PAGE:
Of the 142 patients who were eligible, 124 participants were enrolled: 42 were enrolled in the standard psychiatric assessment group, 42 in the QoL assessment group and 40 in the QoL feedback group. All but two patients in the standard psychiatric assessment group completed the 3- and 6-month assessments (Fig. 1). The mean age of participants was 41.1 years (s.d. = 11.8); 67.7% were male, and 21.8% had at least 12 years of education. These patients were mildly ill, with a mean total PANSS score of 63.0 (s.d. = 21.6) and positive, negative and general psychopathology subscale scores of 12.9 (s.d. = 5.9), 15.6 (s.d. = 6.3) and 34.6 (s.d. = 11.5) respectively. Patient characteristics did not differ across the three groups at baseline (Table 1). The proportion of highly satisfied patients in the entire sample ranged from 64.2 to 68.3% at 3 months and from 61.5 to 65.6% at 6 months (Table 2).

View this table:
Table 1

Sociodemographic and clinical characteristics between the three groups at baseline (T0)

View this table:
Table 2

Comparison of patients’ satisfaction between the three groups at 3 and 6 months

The effects of QoL assessment and feedback on patient satisfaction

Global satisfaction and satisfaction/trust with the care structure significantly differed across the three groups at the 6-month follow-up (Table 2): a significantly larger percentage of patients reported high levels of satisfaction in the QoL feedback group compared with the standard psychiatric assessment and QoL assessment groups with regard to these domains. In particular, global satisfaction was significantly higher in the QoL feedback group (72.5% patients had high levels of satisfaction) compared with the standard psychiatric assessment (67.5%) and QoL assessment groups (45.2%; P = 0.025). This trend towards higher satisfaction in the QoL feedback group was also found at the 3-month follow-up visit with regard to global satisfaction and satisfaction/trust with the staff/care. A total of 75%, 68.3% and 50.0% of patients in the QoL feedback, standard psychiatric assessment and QoL assessment groups, respectively, reported high levels of global satisfaction (P = 0.049).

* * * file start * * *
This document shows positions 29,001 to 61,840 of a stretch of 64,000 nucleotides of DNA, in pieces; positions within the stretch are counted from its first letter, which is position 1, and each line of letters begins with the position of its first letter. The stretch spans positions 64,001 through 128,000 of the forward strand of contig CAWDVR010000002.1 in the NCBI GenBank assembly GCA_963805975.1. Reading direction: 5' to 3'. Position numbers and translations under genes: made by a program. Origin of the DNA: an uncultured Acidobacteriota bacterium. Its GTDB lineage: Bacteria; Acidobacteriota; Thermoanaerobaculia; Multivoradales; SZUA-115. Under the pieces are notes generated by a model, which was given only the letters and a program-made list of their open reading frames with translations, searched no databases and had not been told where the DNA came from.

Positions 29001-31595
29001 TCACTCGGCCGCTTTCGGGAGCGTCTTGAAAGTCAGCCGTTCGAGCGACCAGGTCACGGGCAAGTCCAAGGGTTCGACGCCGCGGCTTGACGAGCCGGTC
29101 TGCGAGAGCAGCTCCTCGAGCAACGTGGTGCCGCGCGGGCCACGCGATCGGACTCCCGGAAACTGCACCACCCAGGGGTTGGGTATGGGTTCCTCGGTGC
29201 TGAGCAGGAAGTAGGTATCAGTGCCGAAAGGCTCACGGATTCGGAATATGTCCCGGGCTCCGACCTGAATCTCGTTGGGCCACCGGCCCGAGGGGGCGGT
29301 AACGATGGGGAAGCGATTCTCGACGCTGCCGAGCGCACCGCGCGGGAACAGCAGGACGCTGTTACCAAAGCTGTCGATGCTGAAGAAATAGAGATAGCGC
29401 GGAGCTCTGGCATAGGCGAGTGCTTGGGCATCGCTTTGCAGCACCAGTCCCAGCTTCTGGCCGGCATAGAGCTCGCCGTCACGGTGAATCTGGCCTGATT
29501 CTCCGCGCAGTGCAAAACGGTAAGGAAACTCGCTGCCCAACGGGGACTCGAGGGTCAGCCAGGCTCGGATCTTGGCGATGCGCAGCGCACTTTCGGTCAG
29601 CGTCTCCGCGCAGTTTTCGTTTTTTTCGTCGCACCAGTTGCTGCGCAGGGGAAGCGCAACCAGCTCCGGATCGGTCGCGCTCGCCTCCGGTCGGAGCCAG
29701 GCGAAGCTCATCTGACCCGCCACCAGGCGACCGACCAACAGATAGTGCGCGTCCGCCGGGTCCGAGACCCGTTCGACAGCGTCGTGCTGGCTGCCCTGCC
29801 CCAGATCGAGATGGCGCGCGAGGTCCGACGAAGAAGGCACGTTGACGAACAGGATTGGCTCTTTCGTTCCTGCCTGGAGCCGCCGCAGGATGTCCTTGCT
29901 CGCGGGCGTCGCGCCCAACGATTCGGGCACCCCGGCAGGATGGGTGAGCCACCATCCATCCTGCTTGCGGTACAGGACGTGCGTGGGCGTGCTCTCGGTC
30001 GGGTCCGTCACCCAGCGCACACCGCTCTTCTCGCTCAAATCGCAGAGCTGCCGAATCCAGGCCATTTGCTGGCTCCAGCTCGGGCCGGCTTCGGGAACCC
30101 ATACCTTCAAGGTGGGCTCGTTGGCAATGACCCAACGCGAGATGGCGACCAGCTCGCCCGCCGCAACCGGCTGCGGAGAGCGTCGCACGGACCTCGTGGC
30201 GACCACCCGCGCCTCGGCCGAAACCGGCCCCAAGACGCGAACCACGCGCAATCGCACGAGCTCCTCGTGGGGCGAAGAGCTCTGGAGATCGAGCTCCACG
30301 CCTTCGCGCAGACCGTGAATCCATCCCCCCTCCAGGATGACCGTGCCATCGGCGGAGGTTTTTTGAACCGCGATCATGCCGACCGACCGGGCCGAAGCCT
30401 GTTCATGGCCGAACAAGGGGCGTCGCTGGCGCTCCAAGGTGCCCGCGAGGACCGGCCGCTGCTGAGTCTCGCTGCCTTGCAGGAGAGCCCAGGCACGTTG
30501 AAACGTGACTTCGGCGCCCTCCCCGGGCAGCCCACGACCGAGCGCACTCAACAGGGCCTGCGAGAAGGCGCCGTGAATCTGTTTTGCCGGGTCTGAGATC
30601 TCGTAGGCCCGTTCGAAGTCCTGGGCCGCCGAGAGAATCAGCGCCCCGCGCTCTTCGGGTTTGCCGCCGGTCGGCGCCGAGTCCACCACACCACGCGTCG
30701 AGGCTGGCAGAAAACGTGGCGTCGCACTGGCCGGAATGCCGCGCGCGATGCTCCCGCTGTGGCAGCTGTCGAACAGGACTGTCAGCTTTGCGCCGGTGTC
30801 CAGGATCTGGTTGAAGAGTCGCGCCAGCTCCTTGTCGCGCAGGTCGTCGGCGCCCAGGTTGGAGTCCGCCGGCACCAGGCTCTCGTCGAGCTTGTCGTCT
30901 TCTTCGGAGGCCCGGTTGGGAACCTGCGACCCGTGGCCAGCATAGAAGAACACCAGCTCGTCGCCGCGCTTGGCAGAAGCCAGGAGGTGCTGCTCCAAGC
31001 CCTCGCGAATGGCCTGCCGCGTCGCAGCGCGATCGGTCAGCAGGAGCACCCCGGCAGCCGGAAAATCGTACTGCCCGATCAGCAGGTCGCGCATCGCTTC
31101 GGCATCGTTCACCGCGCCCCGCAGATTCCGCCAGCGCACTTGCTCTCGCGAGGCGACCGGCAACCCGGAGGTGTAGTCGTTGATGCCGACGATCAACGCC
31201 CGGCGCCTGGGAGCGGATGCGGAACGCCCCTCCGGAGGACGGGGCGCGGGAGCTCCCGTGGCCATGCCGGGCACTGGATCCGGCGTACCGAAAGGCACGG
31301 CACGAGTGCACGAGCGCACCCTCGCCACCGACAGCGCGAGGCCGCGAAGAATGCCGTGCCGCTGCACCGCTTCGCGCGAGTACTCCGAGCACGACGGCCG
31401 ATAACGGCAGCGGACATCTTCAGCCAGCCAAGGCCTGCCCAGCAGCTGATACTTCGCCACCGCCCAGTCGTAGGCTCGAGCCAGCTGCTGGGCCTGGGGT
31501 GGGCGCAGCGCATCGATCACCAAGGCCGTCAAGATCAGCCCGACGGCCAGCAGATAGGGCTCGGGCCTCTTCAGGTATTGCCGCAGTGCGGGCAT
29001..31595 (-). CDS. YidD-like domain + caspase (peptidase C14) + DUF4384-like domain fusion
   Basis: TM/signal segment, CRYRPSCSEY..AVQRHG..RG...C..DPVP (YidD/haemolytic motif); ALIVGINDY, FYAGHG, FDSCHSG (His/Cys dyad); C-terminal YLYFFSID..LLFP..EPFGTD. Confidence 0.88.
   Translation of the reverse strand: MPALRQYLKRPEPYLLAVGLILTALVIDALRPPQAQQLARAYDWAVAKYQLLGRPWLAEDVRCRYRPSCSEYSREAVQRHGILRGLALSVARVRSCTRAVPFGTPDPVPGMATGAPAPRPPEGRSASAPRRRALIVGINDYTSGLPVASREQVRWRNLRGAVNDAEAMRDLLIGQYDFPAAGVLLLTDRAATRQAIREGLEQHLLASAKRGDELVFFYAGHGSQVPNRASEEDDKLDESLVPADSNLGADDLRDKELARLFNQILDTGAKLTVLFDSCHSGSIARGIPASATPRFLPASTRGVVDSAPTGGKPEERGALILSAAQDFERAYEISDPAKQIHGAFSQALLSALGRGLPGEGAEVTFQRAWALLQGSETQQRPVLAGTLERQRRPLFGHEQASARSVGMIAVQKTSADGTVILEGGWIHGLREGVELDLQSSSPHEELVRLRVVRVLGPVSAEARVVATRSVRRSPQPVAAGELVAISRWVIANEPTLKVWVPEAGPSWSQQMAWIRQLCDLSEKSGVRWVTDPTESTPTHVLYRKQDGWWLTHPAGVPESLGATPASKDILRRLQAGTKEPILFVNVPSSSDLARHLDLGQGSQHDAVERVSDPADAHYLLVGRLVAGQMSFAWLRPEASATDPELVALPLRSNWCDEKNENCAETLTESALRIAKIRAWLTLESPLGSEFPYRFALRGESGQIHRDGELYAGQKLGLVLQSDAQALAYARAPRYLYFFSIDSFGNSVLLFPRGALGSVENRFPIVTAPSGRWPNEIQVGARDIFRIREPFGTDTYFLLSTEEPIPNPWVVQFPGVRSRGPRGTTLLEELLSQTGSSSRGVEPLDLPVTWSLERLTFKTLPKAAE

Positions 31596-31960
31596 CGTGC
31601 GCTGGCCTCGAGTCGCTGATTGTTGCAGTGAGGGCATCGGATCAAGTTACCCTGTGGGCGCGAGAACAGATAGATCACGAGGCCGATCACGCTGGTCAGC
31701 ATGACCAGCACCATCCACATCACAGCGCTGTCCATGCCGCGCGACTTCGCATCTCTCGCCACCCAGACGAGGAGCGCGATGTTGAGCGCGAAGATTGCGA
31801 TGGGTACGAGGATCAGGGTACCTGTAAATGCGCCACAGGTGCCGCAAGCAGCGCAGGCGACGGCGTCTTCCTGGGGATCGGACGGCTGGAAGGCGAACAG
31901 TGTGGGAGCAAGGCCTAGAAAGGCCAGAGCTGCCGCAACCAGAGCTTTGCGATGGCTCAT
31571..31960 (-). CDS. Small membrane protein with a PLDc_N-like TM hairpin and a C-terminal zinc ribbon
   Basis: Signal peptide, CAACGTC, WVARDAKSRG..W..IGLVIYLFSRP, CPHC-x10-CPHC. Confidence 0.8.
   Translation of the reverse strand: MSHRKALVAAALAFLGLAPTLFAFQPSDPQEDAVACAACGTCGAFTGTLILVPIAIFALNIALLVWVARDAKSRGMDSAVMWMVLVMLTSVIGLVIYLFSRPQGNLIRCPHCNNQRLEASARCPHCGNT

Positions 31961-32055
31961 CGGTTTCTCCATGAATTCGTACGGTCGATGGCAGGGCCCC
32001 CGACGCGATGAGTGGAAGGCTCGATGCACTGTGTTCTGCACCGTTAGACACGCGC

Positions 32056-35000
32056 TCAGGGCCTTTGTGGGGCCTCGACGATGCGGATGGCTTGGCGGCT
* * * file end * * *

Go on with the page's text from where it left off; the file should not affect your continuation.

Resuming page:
No significant group effect was observed with regard to the different clinical outcomes and changes in medication at the 3-month (data not shown) and 6-month follow-up visits (Table 3). Importantly, there was a trend towards better clinical outcomes (PANSS, CDSS, ESRS, GAF and CGI scores) in the QoL feedback group that was present at 3 months and continued at 6 months. Although not significant, there were more changes made to medication in the QoL feedback group.

View this table:
Table 3

Comparison of secondary criteria between the three groups at 6 months

Discussion

This randomised study is the first to provide an evidence base for the routine clinical use of QoL assessment and feedback in the management of patients with schizophrenia. Of particular interest is the finding that patient satisfaction levels were higher when clinicians were provided with QoL assessments compared with that of patients whose clinicians did not have this information. This finding is consistent with previous oncology studies reporting that feedback of QoL scores to clinicians improves patient-physician communication.14-17 Quality of life measures may help to understand the subjective experiences that are key in treating people with mental disorders33 and improve patient-clinician communication. Moreover, better communication is related to decreases in the paternalistic view of care as well as increases in interactive approaches with patients and patient decision-making, all of which lead to increased patient satisfaction.34,35 We thus hypothesise that QoL assessment with feedback may provide useful information to psychiatrists, which leads to better clinician-patient communication17 and clinician awareness/detection of patients’ social and psychological problems,4 and that this plays a part in enhancing satisfaction. In addition, our findings provide strong support for integrating QoL assessment and feedback with standard psychiatric assessments. In fact, patient satisfaction predicts future behaviours including adherence with treatment, intent to return for care36-38 and final health outcomes.39 Thus far, obtaining QoL data in an efficient, real-time manner was difficult and rare in clinical practice.6,10 Priority should be given to strategies to implement QoL measurements in routine practice, including providing systematic feedback for clinicians. The logistics of obtaining patient QoL data should be the same as those for other clinical indicators.6,40 Interestingly, recent technologies such as electronic medical records are being implemented in psychiatric settings;41-43 these methods may efficiently and automatically collect QoL data.10,44,45